Microsoft’s fledgling Internet advertising effort, adCenter, signed up the Facebook social networking site:
Facebook and Microsoft Corp. today announced a strategic alliance in which the two companies will collaborate to bring relevant advertising to the more than 9 million registered users of Facebook, the Internet’s leading social directory. Microsoft’s advanced advertising technology and Facebook’s unique social network make possible the multiyear collaboration grounded in the two companies’ commitment to technological innovation.
As part of the relationship, Microsoft will be the exclusive provider of banner advertising and sponsored links on Facebook using Microsoft’s digital advertising solutions and the Microsoft® adCenter platform. The two companies also agreed to work together on future technology and advertising initiatives.
Advanced technology from Microsoft and Facebook will help connect advertisers with Facebook users in more relevant, innovative ways through a combination of graphical ad placements, as well as automated text-based advertisements targeted to content and, over time, aggregate user behavior on an anonymous basis.
The two companies began talks about the relationship only last week and expect the new advertising experiences to appear in the early fall. Microsoft and Facebook have expressed an interest in moving quickly to implement the terms of the deal.
Whew – someone was in a hurry to get hitched! No financial terms were announced and the deal is supposed to run through mid-2009.
If you aren’t familiar with Facebook, it started as a social networking site for US college students, but has broadened to cover the coveted general young adult demographic in the USA. Facebook competes with 100 million registered user MySpace which recently did a mega advertising deal with Google, and that’s likely the biggest part of the story according to Michael Arrington:
This news is most notable because the partner that Facebook chose isn’t Google.
Google has been hyper aggressive in stalking the big advertising deals, going so far as to give 90% or more of total revenue to select partners (such as, reportedly, AOL and Ask), and guaranteeing nearly $1 billion to Myspace in a deal announced earlier this month.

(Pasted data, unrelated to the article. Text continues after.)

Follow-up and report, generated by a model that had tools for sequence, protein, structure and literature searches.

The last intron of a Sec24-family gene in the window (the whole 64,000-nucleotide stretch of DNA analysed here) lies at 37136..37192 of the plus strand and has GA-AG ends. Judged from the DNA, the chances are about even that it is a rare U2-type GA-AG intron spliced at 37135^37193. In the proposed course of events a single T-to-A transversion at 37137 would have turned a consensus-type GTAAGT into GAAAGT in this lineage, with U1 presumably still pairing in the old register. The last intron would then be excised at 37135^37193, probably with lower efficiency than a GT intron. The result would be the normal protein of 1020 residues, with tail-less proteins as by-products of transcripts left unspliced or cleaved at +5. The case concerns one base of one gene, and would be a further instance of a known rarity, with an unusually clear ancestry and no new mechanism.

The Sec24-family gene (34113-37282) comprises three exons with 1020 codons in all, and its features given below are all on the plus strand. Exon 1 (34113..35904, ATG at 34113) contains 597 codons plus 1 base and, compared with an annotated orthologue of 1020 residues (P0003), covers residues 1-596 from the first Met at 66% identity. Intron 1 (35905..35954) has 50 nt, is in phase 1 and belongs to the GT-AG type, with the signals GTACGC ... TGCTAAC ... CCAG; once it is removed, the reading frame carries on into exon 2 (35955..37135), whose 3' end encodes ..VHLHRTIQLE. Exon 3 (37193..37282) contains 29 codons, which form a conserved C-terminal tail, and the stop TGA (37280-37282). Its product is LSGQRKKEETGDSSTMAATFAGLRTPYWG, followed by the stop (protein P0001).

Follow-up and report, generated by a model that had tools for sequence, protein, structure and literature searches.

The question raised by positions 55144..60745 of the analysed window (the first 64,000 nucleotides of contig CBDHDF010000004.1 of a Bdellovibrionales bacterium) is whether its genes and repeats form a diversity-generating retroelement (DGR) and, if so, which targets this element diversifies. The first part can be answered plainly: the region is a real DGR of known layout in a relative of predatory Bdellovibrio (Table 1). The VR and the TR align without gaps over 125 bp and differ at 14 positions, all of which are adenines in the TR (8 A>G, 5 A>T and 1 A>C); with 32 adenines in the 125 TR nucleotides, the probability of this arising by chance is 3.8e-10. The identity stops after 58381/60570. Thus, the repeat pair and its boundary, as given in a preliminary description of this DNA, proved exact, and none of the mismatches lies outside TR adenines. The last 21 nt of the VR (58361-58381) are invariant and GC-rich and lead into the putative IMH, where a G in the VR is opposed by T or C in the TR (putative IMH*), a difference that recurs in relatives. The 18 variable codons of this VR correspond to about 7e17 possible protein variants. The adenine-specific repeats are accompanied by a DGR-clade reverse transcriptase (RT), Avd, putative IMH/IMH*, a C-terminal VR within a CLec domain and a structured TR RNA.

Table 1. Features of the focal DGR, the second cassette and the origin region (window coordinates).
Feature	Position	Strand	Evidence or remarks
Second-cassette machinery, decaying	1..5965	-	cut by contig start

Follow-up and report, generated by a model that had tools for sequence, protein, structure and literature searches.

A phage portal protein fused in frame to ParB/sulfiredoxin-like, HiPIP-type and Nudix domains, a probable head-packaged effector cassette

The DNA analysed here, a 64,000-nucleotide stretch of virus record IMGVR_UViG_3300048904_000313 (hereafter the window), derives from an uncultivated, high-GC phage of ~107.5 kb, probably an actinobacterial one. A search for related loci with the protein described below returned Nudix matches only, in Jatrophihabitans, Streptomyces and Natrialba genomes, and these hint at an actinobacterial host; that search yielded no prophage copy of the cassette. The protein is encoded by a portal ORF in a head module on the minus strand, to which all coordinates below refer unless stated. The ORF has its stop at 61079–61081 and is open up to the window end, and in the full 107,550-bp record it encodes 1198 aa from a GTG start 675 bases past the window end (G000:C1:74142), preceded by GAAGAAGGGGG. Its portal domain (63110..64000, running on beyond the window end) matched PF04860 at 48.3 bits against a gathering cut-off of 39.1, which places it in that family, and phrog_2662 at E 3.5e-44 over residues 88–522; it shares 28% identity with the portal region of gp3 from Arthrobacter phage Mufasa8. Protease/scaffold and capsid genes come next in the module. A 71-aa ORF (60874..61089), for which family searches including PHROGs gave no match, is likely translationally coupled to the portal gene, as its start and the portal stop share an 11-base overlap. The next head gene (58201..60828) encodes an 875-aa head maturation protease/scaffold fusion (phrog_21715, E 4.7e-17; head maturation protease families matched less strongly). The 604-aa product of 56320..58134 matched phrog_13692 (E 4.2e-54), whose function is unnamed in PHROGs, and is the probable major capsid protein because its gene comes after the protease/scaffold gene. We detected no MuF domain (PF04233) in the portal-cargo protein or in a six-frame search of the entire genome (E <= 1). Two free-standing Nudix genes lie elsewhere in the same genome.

My hunch is that Microsoft bought this deal with a revenue guarantee and is flat out willing to take a loss to get into the game. Google would not let this deal, and the massive number of Facebook pageviews, go without a serious fight.
“It’s basically a consolation prize,’’ Phil Leigh, president of Inside Digital Media, a market research firm specializing in digital media, said of the deal. “But Facebook is also a legitimate test bed, a place where Microsoft can test new technology in a commercial context,’’ he said.
“What we’ll see is Microsoft attempt to do some fairly leading-edge type of things, involving banner ads, animation and interactivity,’’ he added. “Whatever technology they develop and use effectively in Facebook, they’ll be able to use it elsewhere.’’
Steve Berkowitz, senior vice president of the online services group for Microsoft, said ads would be made for Facebook, but they could also be aimed at any of MSN’s various Internet properties, which have a total of 400 million users worldwide. At the same time, ads running on MSN properties may also appear on Facebook, depending on what audience the advertiser wants to reach.
Mr. Berkowitz said the deal was “not comparable to the MySpace deal because we focused on the right economics for both parties.’’
We can’t begrudge Mr. Berkowitz some snarking, but since Google’s MySpace spend was the end result of a lengthy eyeball auction and this deal pretty much a quickie, the jury is still out.
Owen Van Natta, chief operating officer at Facebook, said: “We’ve had a number of conversations with folks about a number of different partnerships.’’
Must have been a busy week.
Update: Robert Guth has more on the background of the deal at the Wall Street Journal.